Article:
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`We want to work on a step-by-step basis'

Print edition : Oct 07, 2005

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Mirwaiz Umar Farooq.-ANU PUSHKARNA

Mirwaiz Umar Farooq.-ANU PUSHKARNA

Interview with Mirwaiz Umar Farooq.

More than most people All Parties Hurriyat Conference's chairman Mirwaiz Umar Farooq understands the potential costs of making peace in Jammu and Kashmir. His father, the well-known cleric Mirwaiz Mohammad Farooq, was assassinated by the Hizbul Mujahideen on suspicion of having opened a covert dialogue with New Delhi; today, the son himself faces terrorist threats. Nonethesless, Mirwaiz Farooq has emerged as the most vocal and visible advocate of a political dialogue with New Delhi. He discussed the challenges ahead with Praveen Swami. Excerpts:

Compared with the last round of talks you had with New Delhi when the National Democratic Alliance (NDA) was in power, how satisfied are you with the mood and seriousness of purpose of Prime Minister Manmohan Singh's government?

I would say that there are some differences. The overall atmosphere is much more conducive to dialogue; some confidence-building measures are already in place and others will be announced soon. Another factor that is very, very important is that in 2004 Pakistan was not supportive of this process. [The Islamist leader] Syed Ali Shah Geelani was very much their favourite and the militants were issuing all kinds of statements. Today, I feel we are in a much stronger position.

How so?

Well, Pakistan's support is one factor. India has also realised that the APHC is the only group that is relevant to the situation. You're now going to ask me - every journalist does - how talking to just one group is going to help move forward. I think you have realised that ours is the only group that represents both the sentiments in Kashmir and the spirit of change in the subcontinent. There are, of course, other groups too. Geelani and the hardliners undoubtedly represent the sentiment, but not the spirit of change. The same is true of the National Conference and the People's Democratic Party [PDP]. They represent change, but not the sentiment. That is why the APHC is the most relevant group to the dialogue process today.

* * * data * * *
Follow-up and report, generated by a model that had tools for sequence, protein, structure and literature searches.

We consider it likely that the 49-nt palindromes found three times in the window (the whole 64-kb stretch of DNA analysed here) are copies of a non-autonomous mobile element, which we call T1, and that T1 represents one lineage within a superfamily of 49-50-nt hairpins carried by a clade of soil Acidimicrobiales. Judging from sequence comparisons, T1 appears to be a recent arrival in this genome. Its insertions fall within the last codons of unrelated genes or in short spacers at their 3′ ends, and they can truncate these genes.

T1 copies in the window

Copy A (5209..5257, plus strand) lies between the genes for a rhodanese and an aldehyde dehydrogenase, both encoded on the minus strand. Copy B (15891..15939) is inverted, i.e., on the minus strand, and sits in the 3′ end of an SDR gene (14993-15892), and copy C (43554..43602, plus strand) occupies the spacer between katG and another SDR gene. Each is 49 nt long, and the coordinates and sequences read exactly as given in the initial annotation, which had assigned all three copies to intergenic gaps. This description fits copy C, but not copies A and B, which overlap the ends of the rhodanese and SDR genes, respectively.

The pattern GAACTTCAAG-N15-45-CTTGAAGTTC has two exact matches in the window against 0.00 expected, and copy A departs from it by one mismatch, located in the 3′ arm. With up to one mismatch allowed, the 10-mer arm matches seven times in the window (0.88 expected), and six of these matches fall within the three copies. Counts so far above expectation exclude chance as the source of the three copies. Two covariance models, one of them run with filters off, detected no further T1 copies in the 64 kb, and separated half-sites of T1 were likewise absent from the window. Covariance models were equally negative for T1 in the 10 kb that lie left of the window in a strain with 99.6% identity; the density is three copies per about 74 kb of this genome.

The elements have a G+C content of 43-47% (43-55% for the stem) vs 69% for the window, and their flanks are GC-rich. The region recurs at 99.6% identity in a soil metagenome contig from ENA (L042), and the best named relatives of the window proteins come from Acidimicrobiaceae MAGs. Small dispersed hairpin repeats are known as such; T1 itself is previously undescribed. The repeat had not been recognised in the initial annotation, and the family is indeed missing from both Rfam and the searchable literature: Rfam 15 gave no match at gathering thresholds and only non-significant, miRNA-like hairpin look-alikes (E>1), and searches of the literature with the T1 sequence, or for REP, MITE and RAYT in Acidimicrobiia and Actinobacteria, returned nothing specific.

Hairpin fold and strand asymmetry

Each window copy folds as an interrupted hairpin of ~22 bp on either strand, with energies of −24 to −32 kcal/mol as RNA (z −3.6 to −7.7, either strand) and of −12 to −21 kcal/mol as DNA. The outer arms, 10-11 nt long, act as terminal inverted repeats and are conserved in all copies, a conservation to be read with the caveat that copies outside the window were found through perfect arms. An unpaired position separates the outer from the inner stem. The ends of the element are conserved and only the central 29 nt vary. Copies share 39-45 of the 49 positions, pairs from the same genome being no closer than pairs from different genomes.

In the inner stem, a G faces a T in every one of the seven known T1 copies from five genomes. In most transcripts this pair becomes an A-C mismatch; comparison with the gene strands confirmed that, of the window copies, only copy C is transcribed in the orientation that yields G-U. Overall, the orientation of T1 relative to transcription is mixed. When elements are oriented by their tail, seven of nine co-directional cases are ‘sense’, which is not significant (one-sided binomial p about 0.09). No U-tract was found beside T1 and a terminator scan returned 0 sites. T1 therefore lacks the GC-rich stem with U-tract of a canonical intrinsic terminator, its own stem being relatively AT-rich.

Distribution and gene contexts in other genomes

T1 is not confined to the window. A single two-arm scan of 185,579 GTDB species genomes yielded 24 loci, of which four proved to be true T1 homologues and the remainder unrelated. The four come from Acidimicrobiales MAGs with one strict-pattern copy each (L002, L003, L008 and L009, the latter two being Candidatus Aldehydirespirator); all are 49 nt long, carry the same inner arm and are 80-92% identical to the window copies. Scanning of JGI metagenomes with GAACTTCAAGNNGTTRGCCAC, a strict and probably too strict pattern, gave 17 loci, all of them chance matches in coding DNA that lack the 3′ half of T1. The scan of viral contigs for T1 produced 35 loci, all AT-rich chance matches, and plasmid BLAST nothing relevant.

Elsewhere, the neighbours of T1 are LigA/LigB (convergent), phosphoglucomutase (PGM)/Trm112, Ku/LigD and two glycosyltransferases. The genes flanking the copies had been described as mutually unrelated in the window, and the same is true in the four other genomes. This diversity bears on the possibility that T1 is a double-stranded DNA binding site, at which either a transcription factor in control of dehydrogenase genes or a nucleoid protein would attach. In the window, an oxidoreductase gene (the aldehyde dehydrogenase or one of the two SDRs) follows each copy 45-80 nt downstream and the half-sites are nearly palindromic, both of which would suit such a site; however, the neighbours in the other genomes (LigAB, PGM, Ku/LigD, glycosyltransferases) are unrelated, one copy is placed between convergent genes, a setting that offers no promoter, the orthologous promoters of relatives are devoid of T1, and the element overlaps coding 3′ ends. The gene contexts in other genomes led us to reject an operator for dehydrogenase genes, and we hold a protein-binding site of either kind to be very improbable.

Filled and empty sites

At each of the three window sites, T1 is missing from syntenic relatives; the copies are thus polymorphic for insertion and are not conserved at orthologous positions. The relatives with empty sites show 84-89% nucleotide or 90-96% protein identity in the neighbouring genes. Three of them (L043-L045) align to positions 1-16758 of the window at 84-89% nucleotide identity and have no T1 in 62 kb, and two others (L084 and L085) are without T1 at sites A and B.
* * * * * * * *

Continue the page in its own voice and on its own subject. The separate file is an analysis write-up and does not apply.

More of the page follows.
Some have been calling for a widening of the dialogue process, either in parallel to the engagement New Delhi has with the APHC or as a part of it. Do you think there is a need for such dialogue?

I think New Delhi should not spend its time talking to every Tom, Dick and Harry. The APHC is trying to get other people on board who are outside our fold. Apart from Geelani sahib, there are people like Shabbir Shah and Yasin Malik who are on the same track as we are. There are minor hiccups vis-a-vis our perception and theirs, which we need to work on, but hopefully things will work out. For example, we have opened a channel of communication with the Kashmiri Pandit community. Just the other day, I had a detailed discussion with representatives of the Sikh community. We will gradually focus on the intra-Kashmiri aspect of the dialogue, because we realise that when we talk of Jammu and Kashmir it is not just one community or region that is being discussed.

When you next meet the Prime Minister, should we expect a concrete set of issues to be discussed or are there still modalities to be discussed?

I think we have to evolve a mechanism on how to move forward before dealing with substantive issues. There has, after all, been a 17-month lull between the talks with the NDA and this round. What we would like now is the institution of a structure that gives continuity to the peace process. Continuity is essential to consolidation.

So you are not in a tearing rush to bring big issues to the table?

No, not at all. We want to take our time over things, and to work on a step-by-step basis. We want to head towards a situation where we do not have to work through interlocutors and mediators, but have a direct link with New Delhi. We also need to be aware that there are some parties seeking to sabotage the dialogue. For example, the National Conference and the PDP feel threatened that we are challenging their power. For example, there in New Delhi we were talking about dialogue, and here, in Srinagar, the State government detained people under the Public Safety Act, which put us in a very awkward position. Now, this can't go on. If New Delhi is serious about the dialogue, it will have to use its influence at the State level as well. It will have to take measures on the ground to strengthen the dialogue.

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